A GUIDE TO THE PERFECT SHAKSHUKA: THE HARRISON CHARCOAL OVEN RECIPE

By Daniel Thumwood, Founder of Harrison Charcoal Oven

 

A beautiful Harrison Charcoal oven makes a perfect Shakshuka

A beautiful Harrison Charcoal oven makes a perfect Shakshuka

Originating in North Africa and now one of Israel’s favourite dishes, Shashuka has been taking the London food scene by storm for the last few years.  This baked egg meal is hearty, healthy and full of flavour, which is exemplified further when cooked over charcoal in a Harrison Oven.  The latest brunch of choice at Harrison HQ, this recipe utilises the unique smoky flavour of Harrison baked peppers and is a great vegetarian option. For meat lovers, add some Harrison hot smoked chorizo for an extra kick.

 

Harrison charcoal oven's smoky charred peppers add a great base-flavour  

Harrison charcoal oven's smoky charred peppers add a great base-flavour

 

This recipe serves 4 and takes approximately one hour.

Ingredients

·      3 tbsp Olive oil

·      2 large Onions, sliced

·      4 peppers, red and green

·      4 garlic cloves, finely chopped

·      half tsp cumin seeds

·      half tsp caraway seeds

·      half tsp cayenne pepper

·      1 tbsp tomato puree

·      2 400g tins tomatoes

·      small bun fresh coriander, chopped

·      small bunch fresh parsley, chopped

·      8 medium, free range eggs

·      8 tbsp thick natural yoghurt

·      feta cheese

·      salt and pepper to taste

·      1 tsp brown sugar (optional

The Harrison Method

 

Heat your Harrison to 250 degrees Celsius. Position two cooking shelves in the oven, one high and the other low, just above the coals.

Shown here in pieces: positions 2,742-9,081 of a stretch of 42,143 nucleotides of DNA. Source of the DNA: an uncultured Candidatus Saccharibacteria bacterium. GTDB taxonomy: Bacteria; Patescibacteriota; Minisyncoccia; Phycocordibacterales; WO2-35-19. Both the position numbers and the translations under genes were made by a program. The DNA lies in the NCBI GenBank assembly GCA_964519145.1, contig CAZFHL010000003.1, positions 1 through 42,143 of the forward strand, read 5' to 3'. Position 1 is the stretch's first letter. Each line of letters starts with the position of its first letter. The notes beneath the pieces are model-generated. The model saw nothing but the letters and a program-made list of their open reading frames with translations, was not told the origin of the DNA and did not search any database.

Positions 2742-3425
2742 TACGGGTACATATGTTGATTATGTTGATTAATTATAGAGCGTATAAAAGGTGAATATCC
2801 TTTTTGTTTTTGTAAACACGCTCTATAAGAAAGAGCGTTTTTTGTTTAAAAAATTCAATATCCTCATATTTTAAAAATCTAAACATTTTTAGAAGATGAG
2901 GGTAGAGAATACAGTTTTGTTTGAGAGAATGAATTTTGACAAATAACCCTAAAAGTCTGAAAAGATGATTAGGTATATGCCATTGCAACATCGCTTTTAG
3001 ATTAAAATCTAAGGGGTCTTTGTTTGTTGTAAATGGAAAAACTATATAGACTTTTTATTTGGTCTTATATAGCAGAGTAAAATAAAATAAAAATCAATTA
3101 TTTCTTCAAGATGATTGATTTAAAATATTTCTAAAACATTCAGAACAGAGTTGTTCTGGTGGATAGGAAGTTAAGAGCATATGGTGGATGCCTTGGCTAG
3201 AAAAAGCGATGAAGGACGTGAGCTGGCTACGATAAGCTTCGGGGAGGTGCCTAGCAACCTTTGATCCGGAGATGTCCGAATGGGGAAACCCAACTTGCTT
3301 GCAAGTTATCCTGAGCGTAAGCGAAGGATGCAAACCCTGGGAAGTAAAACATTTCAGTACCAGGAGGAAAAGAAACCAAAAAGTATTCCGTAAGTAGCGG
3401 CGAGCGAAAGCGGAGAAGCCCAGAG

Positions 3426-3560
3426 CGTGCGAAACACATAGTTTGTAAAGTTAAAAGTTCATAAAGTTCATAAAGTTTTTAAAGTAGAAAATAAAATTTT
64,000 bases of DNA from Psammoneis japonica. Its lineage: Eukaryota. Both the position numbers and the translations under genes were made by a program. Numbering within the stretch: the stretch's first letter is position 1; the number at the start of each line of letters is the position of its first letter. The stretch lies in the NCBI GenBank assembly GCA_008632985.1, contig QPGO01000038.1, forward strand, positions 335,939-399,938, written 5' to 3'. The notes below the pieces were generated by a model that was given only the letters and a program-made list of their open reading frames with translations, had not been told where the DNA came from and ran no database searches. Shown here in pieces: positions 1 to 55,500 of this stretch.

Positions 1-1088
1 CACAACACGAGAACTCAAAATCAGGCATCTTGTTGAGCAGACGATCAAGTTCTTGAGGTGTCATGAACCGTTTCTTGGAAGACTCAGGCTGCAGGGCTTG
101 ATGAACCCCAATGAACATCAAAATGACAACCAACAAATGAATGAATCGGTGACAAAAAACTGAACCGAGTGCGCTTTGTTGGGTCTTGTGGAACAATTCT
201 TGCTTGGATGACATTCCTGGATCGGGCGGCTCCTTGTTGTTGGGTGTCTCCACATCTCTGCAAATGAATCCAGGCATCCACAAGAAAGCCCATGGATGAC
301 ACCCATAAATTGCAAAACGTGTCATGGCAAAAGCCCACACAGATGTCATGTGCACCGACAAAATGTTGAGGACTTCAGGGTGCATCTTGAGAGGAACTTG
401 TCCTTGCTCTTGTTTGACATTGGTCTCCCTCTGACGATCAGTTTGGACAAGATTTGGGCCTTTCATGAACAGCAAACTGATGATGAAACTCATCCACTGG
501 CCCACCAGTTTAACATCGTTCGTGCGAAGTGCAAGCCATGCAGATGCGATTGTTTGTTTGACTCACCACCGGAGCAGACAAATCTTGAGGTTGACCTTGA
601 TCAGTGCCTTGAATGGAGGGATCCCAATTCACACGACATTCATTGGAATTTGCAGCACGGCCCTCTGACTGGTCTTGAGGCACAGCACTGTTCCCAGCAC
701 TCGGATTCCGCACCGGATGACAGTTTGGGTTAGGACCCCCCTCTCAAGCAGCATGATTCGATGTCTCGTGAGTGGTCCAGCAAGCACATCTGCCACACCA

Gently heat the olive oil in a flat casserole dish, placed on Harrison’s warming shelf on top of the oven.

Roast the peppers on the lower shelf (turning frequently) until they begin to blacken and blister. Remove peppers and let them rest in a cling film covered bowl.

Put a thin baking tray on the lower shelf to cook using indirect heat.

Add onions to the casserole dish, season with salt and pepper and place in oven on top shelf. Cook until onions start to soften.

Remove peppers from bowl, peel and slice into strips.

Add the peppers, garlic, cumin, caraway seeds, and cayenne pepper to the onions and stir.

Stir the puree into the mixture and cook until it begins to separate.

Add the tomatoes and cook for 10 minutes, stirring occasionally.

Mix in the fresh herbs and cook for a further two minutes.

Make eight wells in the mixture and add the eggs

Return to the Harrison and cook until the egg whites are set but the yolks remain runny.

Top with crumbled feta and serve with yoghurt and chunky wholemeal bread.

Shakshuka never lasts for long at Harrison Charcoal Oven HQ  

Shakshuka never lasts for long at Harrison Charcoal Oven HQ

 

Sexing up the Faggot: a guide to Cooking the modern faggot in a charcoal oven.

By Daniel Thumwood, Founder / Designer / Maker - Harrison Ovens

Faggot cooked in a Harrison Charcoal Oven. Recipe by Daniel Thumwood

Faggot cooked in a Harrison Charcoal Oven. Recipe by Daniel Thumwood

I’m always looking for new things to experiment with on a Harrison. Whether I’m looking to convert a recipe to work over charcoal, or using a new ingredient for the first time, nothing beats firing up the Harrison and cooking something different.  And if I can find a great story about the produce, I am as happy as the proverbial pig in poo.

Welsh Mangalitza Pig

Welsh Mangalitza Pig